Surgery Insight: Optimizing open nerve-sparing radical prostatectomy techniques for improved outcomes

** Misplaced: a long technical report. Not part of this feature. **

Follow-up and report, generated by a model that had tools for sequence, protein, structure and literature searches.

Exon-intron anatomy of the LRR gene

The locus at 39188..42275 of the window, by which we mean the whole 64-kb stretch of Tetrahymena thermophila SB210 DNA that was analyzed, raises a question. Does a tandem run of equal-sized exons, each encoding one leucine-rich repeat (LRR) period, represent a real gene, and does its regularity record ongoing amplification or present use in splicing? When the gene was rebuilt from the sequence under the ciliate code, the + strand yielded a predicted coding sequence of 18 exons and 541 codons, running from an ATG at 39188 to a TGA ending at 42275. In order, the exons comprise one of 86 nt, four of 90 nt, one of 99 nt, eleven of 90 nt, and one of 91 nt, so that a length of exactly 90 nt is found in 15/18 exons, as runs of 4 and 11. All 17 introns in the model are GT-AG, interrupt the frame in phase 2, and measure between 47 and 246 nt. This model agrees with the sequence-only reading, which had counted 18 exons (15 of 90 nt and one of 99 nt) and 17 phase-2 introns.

Men with prostate cancer have a variety of treatment choices available, including expectant management with deferred treatment, brachytherapy, external-beam radiation therapy, or both of the latter options--with or without hormonal therapy, cryotherapy, and radical prostatectomy (RP). Physicians have long endeavored to guide patients through these choices on the basis of the health threat posed by the cancer, the potential effectiveness and complications associated with treatment, and the patient's life expectancy. As early detection programs now identify cancers much earlier in their natural history, individual patients have a longer life expectancy than in the past. The patient and physician must, therefore, weigh the potential benefit of the selected treatment with the risk of early or delayed complications that would detract from the patient's quality of life. Optimally, when a surgical approach is used to treat prostate cancer, the operation removes the cancer completely with negative surgical margins, avoids excessive blood loss or serious perioperative complications, and culminates in complete recovery of continence and potency. To achieve this, the surgeon must treat sufficient periprostatic tissue to achieve cure while preserving the cavernosal nerves required for erectile function and the neuromusculature required for normal urinary and bowel function. Evidence suggests that the small details of how a surgery is performed have a major impact on the outcome of RP. Here the role of surgical techniques in determining oncologic and quality of life outcomes after RP, focusing on open RP, are presented.